From: Chaim Tatel <chaimyt@...>
Date: Thu, 20 Jan 2005 08:36:12 -0800 (PST)
Subject: Re: Flatbush shiurim: History of Krias HaTorah; History of Tefillah

Joseph I. Lauer invited everyone to two shiurim on the "History of Krias
HaTorah" and the "History of Tefillah" to be presented by HaRav Avrohom
Lieberman shlit"a.

As a baal kriah for many years, I would really appreciate the
information from such a shiur.

However, I live b'sof HaOlam (end of the Earth) in Seattle, WA, and will
be unable to attend.

I would appreciate it if someone attending could take notes and post
them in the web (perhaps on the leining group at Yahoo).

Thank you.
Chaim Tatel


From: <chips@...>
Date: Thu, 20 Jan 2005 19:24:05 -0800
Subject: Re:  Re: Kallah's family hosts the wedding

>       Not that it's any of my business but (1) it's traditionally the
>       Kallah's family that plans and hosts the wedding
> What is the halachic source of this minhag?

Has paying for the wedding replaced the dowry?



From: <shimonl@...> (Shimon)
Date: Thu, 20 Jan 2005 14:37:18 +0200
Subject: Re: Peanuts and Peanut Oil on Pesach

> Incidentally, Rav Moshe did NOT give blanket permission for one to eat
> peanuts on Pesach. He specifically limited this permission to those
> whose family Minhag is to eat them on Pesach. If one's family's Minhag
> is not to eat them, that Minhag must be maintained (see the above
> responsum).

I don't have an Igros at hand, but my recollection was that he said it
just the other way around: He specifically limited this permission to
those who do NOT have a family Minhag NOT to eat them on Pesach. The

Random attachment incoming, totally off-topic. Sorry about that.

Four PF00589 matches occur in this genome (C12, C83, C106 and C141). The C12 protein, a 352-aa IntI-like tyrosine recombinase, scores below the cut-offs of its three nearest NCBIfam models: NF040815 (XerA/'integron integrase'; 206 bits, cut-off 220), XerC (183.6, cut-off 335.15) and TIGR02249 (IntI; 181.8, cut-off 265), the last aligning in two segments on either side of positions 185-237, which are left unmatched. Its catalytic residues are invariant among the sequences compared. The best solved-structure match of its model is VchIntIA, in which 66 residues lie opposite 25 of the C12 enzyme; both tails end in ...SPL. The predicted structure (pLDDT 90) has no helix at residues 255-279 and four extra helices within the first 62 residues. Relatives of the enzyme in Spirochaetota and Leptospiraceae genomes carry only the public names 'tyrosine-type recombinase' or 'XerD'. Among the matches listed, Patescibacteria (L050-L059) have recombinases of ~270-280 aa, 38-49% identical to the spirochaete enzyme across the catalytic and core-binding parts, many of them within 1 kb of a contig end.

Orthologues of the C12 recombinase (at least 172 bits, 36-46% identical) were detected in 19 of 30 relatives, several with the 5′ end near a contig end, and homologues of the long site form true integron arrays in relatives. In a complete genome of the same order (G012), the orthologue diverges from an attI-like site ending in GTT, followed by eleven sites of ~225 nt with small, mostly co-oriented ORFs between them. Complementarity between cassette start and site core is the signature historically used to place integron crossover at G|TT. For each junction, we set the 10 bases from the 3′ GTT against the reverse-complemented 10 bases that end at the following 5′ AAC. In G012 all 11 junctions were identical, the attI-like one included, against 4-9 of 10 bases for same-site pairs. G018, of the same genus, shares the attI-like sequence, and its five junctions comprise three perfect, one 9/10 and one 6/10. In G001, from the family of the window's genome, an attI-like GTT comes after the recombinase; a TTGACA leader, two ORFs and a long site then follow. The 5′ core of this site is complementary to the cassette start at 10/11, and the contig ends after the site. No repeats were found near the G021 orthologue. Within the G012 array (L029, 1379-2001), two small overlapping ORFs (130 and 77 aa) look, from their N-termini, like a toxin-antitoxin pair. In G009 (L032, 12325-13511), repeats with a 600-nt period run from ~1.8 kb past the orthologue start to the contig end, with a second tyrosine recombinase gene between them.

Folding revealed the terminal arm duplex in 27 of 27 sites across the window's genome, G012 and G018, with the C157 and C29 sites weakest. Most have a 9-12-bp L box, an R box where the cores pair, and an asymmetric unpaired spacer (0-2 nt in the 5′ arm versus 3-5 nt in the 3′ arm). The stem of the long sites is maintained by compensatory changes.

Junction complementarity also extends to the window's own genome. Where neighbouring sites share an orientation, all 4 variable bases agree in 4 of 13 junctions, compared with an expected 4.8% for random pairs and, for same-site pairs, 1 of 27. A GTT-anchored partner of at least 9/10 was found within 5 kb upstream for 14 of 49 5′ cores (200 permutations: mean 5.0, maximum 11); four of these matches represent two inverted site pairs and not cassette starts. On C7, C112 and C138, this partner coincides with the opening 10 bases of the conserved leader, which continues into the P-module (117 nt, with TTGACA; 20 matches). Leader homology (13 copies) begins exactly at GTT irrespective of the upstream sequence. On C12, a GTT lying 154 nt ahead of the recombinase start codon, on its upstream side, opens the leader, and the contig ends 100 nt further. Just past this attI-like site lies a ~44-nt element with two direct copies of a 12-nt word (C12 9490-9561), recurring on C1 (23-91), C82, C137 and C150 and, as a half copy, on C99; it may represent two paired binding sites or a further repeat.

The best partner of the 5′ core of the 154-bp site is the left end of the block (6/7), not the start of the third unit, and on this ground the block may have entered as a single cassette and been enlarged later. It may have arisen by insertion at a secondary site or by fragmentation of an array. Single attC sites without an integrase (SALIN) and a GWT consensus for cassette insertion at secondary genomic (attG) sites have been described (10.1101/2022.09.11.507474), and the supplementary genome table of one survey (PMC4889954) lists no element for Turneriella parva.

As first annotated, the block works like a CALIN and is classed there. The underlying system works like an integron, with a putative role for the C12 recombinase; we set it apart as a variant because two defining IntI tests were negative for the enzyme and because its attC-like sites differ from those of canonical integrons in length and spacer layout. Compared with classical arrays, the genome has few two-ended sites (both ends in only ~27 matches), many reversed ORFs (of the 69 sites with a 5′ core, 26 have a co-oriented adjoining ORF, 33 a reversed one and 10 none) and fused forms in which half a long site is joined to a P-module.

difference seems important to me, so can someone check which way he
stated it?


From: <kennethgmiller@...> (Akiva Miller)
Date: Thu, 20 Jan 2005 12:02:46 -0500
Subject: Re: Peanuts and Peanut Oil on Pesach

Shmuel Himelstein wrote <<< In fact, the Teshuvah of R' Moshe (Responsum
63, Orach Chayim Vol. III), which permits the use of peanuts states
specifically that there were places in Europe where peanuts were eaten
on Pesach and places where they were not. Thus we have evidence of two
separate Minhag streams. ... Incidentally, Rav Moshe did NOT give
blanket permission for one to eat peanuts on Pesach. He specifically
limited this permission to those whose family Minhag is to eat them on
Pesach. If one's family's Minhag is not to eat them, that Minhag must be
maintained (see the above responsum). >>>

My reading of that Teshuva is slightly different.

Granted that "we have evidence of two separate Minhag streams", but Rav
Moshe acknowledged that there is a third group of people, who are not
part of either stream.

They do not have a specific minhag to avoid peanuts, but they also do
not have a specific minhag to allow peanuts. About 5-6 lines from the
end, Rav Moshe specifically allows this group to eat peanuts on Pesach.

Akiva Miller


From: W. Baker <wbaker@...>
Date: Thu, 20 Jan 2005 10:46:16 -0500 (EST)
Subject: Re: Peanuts on Pesach

> From: Israel Caspi <icaspi@...>
> R. Moshe spoke of European communities
> some of which did and some of which did not have the custom of eating
> peanuts (which, for reasons beyond my own limited botanic knowledge, are
> somehow not true legumes).  I'm pretty sure there was no implication --
> And then there's the additional issue of the permissibility of the
> by-products of legumes.  According to those who make this distinction,
> corn oil and corn syrup is OK while corn itself, as a legume, is not.

Just a small factual point here.  Peanuts are closer to legumes than
corn, as peanuts are dicotyledenous, (two piece seeds), while corn is a
grain that is not one of the forbidden species that can becom chametz.
Corn is monocotyledenous, a single piece seed, that was introduced from
the new world late in the 15th century or early 16th sentury, long after
the Torah and the main distintions were made.  It somehow got lumped
into the legume-kitniyot classification by Ashkenazim.

I don't think this has any bearing on the discussion, but lets be
accurate, as it is interesting in seeing how minhagim develop.

Wendy Baker

From: Ira L. Jacobson <laser@...>
Date: Thu, 20 Jan 2005 17:05:24 +0200
Subject: Re: Peanuts on Pesach

Israel Caspi <icaspi@...> stated the following:

      (The Rabbinate in Israel, for example, while maintaining the
      minhag of not eating kitniyot, nevertheless allows (at least under
      certain circumstances) margarine made with oil from legumes.